Soon after that he was made Prof at some Uni or other and I would ask my engineering team colleagues, when they had gone to meetings at which he was present, what pronouncements Professor, Sir, Lord Andrew McNaughton had made. (I called him this so many times in jest I began to think he actually had been knighted. Only a matter of time, Andrew, I'm sure). In 2009 he became Chief Engineer at HS2 and later Technical Director. Since 2017 he has been HS2's part-time Strategic Technical Adviser. At HS2 he was the architect of the gold-plated specification that is now proving so expensive. The trains had to run at 360 km/hr with scope to increase that to 400 km/hr (250 mph in old money), making possible a journey time of 1 hour 7 minutes between London and Manchester.
Why so fast? Here is what McNaughton told MPs in 2012: "We learnt very strongly from people we respect, like Guillame Pepy in France [Pepy was boss of the French state owned rail company SNCF] that they had wished they had not designed to the limit of the day because the technology continues to advance". That tells you everything: HS2 was designed to work with technology not yet available. This is not how large projects are successfully delivered. The Nuclear Installations Inspectorate, not surprisingly, would not licence construction of a nuclear power station which is partly based on technology that doesn't yet exist. If you go on a Trident nuclear submarine, which I did some years ago when the boat concerned was about ten years old, so only a third of the way through its operational life, it is striking that much of the equipment looks like stuff in a museum*. For the obvious reason that it was designed and the equipment ordered the best part of 20 years ago then, more like 35 to 40 years now. That's the point: these projects have very long life cycles and it's pointless to try to catch the wave of the next technological developments as it will all look out of date in one way or another long before the system is middle aged.
The HS2 design concept has huge cost implications. It dictated the route (gentler curves, fewer stations), requires bespoke trains and more resilient tracks. Another Professor, Rod Smith, has said HS2 was "being ruined" as speeds of up to 400km/hr were "completely unnececessary. It knocks the hell out of the track. The dynamic forces at those sort of speeds are incredible." And, as I said above, "it doesn't even save much time". Smith said the UK should learn from Japan's high-speed railway: cutting speed and moving stations out of city centres could help halve HS2's cost. "There's been an abject failure to win hearts and minds about this programme. It's not been explained why this is necessary and a golden opportunity to remodel the country."
I haven't met Rod Smith, who is a Prof at Imperial College and chairs the Future Railway Research Centre, but one of my colleagues in the rail business whose understanding and expertise of the railway was as good as anyone I ever came across always spoke highly of him. If Rod Smith says the H in HS2 is unnecessary then I'm sure my view based more on hunch and prejudice is sound.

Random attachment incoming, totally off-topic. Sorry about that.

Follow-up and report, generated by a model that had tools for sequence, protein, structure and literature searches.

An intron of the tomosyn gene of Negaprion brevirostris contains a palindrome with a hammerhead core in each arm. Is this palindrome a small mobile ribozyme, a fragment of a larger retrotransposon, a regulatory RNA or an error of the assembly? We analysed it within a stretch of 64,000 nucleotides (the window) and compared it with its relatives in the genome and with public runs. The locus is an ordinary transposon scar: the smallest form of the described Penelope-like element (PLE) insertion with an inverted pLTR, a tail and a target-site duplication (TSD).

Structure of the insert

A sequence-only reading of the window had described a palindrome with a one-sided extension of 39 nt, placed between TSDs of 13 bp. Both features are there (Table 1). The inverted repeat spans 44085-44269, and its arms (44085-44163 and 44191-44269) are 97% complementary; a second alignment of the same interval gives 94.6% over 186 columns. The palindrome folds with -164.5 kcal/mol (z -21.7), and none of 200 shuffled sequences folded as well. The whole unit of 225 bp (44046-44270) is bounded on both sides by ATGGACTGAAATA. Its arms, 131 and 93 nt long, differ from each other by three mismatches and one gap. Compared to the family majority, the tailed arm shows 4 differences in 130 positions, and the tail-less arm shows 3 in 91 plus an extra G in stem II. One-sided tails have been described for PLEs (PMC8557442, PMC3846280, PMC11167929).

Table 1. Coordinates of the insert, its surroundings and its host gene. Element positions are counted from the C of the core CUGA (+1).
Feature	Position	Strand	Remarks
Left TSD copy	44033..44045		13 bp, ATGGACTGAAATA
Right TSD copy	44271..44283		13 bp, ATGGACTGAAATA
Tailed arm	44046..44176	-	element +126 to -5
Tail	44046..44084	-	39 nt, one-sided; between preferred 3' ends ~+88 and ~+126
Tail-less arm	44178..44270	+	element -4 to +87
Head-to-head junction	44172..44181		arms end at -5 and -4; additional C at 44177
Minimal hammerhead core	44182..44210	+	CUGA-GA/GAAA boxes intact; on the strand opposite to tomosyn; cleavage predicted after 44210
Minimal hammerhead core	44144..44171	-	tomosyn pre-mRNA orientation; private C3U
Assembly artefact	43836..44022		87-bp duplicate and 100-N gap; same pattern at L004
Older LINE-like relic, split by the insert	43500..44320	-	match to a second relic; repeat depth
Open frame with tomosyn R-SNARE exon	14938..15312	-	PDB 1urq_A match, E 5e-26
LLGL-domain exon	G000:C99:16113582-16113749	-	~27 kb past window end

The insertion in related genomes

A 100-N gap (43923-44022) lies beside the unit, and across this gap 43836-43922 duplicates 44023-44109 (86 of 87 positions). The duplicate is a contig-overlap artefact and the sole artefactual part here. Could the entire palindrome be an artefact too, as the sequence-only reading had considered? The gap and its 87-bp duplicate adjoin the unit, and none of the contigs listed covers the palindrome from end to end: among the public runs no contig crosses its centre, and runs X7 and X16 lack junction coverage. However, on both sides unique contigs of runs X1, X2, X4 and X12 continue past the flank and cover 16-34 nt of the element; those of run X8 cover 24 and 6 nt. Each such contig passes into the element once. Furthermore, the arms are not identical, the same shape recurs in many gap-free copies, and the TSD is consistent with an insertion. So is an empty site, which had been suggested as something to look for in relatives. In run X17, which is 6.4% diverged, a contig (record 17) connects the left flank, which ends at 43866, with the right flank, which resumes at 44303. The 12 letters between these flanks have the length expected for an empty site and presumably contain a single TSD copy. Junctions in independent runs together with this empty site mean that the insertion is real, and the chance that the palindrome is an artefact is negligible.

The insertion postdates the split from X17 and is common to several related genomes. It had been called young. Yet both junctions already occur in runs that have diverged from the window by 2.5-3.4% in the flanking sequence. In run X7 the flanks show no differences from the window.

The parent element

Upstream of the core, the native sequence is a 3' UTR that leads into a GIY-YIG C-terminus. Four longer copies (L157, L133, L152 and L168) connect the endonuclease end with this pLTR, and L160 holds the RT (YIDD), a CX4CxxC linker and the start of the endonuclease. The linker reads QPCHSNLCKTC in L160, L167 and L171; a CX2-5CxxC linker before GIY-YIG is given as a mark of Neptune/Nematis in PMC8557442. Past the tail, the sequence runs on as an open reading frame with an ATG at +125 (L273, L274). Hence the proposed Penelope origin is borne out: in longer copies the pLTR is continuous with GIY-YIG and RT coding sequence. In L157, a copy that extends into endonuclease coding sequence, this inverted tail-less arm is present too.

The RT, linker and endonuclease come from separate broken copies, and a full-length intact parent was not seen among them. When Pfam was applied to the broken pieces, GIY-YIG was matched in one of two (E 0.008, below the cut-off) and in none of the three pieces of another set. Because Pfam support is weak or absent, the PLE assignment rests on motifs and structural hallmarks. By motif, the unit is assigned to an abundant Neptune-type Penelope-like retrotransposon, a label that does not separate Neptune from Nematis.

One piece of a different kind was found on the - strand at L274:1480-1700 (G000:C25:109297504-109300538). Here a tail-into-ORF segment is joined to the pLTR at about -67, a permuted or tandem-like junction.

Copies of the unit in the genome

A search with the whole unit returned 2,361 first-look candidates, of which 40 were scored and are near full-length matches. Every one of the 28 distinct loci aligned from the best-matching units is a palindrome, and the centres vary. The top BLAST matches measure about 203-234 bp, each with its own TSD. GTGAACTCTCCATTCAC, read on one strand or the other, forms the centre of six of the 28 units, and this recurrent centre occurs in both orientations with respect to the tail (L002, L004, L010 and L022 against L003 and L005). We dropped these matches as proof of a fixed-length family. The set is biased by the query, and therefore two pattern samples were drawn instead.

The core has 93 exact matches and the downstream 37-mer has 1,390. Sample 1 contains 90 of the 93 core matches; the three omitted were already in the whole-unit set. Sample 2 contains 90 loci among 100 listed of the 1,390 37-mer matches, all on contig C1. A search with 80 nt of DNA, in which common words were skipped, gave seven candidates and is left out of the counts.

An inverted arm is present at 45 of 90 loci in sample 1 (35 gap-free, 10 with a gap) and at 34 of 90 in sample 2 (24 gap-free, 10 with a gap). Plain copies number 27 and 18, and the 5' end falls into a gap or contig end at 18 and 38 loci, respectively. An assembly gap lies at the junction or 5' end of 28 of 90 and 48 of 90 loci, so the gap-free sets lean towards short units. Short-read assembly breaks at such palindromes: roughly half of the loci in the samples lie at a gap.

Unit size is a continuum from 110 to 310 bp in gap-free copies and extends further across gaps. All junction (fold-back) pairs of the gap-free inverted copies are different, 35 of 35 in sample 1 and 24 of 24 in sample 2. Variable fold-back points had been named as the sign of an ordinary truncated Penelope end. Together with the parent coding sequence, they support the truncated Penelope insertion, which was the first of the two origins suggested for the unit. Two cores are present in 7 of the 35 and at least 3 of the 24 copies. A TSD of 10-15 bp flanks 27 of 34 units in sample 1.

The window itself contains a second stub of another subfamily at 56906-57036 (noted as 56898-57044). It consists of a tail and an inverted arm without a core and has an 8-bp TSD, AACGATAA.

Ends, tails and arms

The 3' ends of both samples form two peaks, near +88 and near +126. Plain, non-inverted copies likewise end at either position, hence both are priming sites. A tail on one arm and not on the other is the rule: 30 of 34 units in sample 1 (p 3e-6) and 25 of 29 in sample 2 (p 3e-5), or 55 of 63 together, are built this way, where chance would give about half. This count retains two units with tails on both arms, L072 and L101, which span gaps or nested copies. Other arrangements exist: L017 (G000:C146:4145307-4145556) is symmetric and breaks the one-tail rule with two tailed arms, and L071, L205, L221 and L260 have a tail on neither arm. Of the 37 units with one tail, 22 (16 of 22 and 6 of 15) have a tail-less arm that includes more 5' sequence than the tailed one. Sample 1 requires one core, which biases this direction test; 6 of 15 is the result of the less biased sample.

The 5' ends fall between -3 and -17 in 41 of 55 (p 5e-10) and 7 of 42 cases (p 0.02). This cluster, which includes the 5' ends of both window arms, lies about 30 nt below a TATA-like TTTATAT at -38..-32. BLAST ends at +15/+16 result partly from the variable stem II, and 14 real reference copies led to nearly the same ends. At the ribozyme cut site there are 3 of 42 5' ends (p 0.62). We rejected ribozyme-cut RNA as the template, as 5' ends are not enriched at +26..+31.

HS2 has long prevaricated over what the main rationale for the project is. I went to see the then Transport Secretary, Patrick McLaughlin, talk in Derby (a rail city and near his constituency) in early 2013. He argued that HS2 was needed for the additional capacity it would provide as well as the benefit of higher speed. Indeed HS2 executives have promoted the capacity argument and even considered changing the route's name, but they decided that people would still keep calling it HS2 regardless. Hmm: they might not have done that if the project had been explicitly de-scoped in terms of highest speeds. And folk did eventually stop calling Sellafield Windscale.
I wonder if it's too late for Johnson's review to look at de-scoping the project. A lot of money has been spent and committed but some of the largest companies working on the project think big savings could be made. "We have some frustrations with HS2" one said. "There are savings we know we could make and we could certainly get near or below the budget. They should cut the speed". Wow - "near or below" a budget that might currently get bust by a factor of maybe two.
In 2018 McNaughton was appointed by the government of New South Wales to advise on their plans for a high speed rail network. As the distances are greater there, speed might make some sense. But I'd still say "watch your pockets, chaps". One thing McNaughton will do is give you very confident and assertive advice. Whether it's good advice is another matter.
One thing that isn't quick about HS2 is the delivery. It was originally due to be complete by 2026. I was due to be in my mid 70s by then. There is talk about it being delayed by 5 years. The ability of the UK to deliver projects is such that I currently have no expectation of riding trains on the route.
It's time to cut back on these grandiose requirements which add little and save the project from cancellation. Take the "H" out of HS2 and it might make a lot more sense.
*I'm sure you'll be thrilled to know (no official secret, it's on Wikipedia) that the tactical information and weapons control system on the Trident submarines is essentially based on Microsoft Windows XP. It's called the Submarine Command System Next Generation and, to slightly undermine my argument, it was developed in collaboration with Microsoft during the design and construction phase. But to bolster my argument, there wasn't much doubt about Microsoft's ability to deliver the software and, while Windows XP was cutting edge at the time, Windows is just a wrapper round MS-DOS, already by then well established software.
** The quotations are from "End of the line for HS2?" by John Collingridge in the Sunday Times on 1 September 2019 but the personal recollections and gratuitous opinions are of course mine.